Hmmm. China Canceling South American Soybeans

March 13, 2014 01:03 AM

What Traders are Talking About:

Overnight highlights: As of 6:00 a.m. CT, corn futures are trading mostly 2 to 4 cents higher, soybeans are 2 to 6 cents higher in old-crop contracts and 5 to 9 cents higher in new-crop contracts, while wheat futures are mostly 2 to 6 cents higher. Cattle futures are mixed and hog futures are mildly firmer in electronic trade.


* China cancels South American soybeans, more to come. Rumors of Chinese soybean cancellations were rampant Wednesday and now Reuters is reporting China has canceled 10 cargoes (up to 600,000 MT) of soybean purchases from Brazil and Argentina that were scheduled to ship March through May, according to trade sources. The sources say Chinese buyers are looking to cancel or delay shipment on another 30 cargoes (up to 1.8 MMT) of soybean commitments because of weak demand and poor crush margins.

The long and short of it: Chinese cancellations at this time of year are not surprising, but it is a little curious they are washing out South American purchases instead of U.S. soybeans. The potential reason why may run deeper than many currently believe, but I need to check with sources before going into further details. Look for more details in Pro Farmer newsletter this week.

* More disappointing Chinese economic data. China's industrial output and retail sales for January and February combined came in lower than expected at 8.6% and 11.8% above year-ago, respectively. This is just the latest in a string of disappointing economic data out of China, signaling the country's economy is slowing. In his final address at the annual meeting of the National People's Congress, Premier Li Keqiang warned of "severe challenges" China's economy faces this year. Given continued disappointing economic data, speculation is rising that China will need to ease monetary policy to spur economic growth.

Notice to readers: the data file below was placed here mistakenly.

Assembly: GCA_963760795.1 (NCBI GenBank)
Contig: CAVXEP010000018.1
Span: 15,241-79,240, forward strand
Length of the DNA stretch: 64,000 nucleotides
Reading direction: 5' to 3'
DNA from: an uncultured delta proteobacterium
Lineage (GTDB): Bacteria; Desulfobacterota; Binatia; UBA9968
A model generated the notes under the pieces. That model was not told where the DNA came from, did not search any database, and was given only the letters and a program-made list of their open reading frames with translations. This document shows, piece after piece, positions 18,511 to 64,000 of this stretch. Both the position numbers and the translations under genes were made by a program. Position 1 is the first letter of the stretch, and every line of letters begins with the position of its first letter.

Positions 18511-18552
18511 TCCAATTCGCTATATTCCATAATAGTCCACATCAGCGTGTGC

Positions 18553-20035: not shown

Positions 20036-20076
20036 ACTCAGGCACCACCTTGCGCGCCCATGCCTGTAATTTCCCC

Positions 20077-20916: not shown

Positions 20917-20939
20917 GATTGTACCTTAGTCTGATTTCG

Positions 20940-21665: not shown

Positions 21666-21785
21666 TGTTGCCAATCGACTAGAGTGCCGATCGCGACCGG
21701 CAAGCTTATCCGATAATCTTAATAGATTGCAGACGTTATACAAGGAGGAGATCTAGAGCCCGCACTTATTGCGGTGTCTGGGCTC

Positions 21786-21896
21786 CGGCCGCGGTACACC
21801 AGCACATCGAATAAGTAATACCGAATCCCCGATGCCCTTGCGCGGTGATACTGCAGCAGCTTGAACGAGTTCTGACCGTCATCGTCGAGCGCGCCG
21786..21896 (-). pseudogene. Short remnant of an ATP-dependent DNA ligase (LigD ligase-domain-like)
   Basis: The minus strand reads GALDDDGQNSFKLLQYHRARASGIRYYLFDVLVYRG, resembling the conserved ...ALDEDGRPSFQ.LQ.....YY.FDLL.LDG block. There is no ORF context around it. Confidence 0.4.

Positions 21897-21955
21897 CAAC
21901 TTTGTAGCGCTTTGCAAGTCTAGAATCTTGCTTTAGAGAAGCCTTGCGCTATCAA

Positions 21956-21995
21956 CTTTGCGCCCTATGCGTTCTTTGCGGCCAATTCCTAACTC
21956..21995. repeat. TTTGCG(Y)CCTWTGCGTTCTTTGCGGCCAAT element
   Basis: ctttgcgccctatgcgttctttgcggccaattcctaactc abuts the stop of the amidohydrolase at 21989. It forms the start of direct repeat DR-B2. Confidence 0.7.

The long and short of it: Commodities as a whole have softened since last Friday amid growing concerns with China's economic performance. The Thomson Reuters/Jefferies CRB Commodity Index is working on its first lower weekly close since the first full week of January.

* No 'What Traders are Talking About' on Fridays. Since I am now writing the weekly "From the Editor" blog, I will no longer be updating this column on Friday mornings. My musings and commentary in "From the Editor" are available Friday afternoons in the "Blogs" section on the home page of


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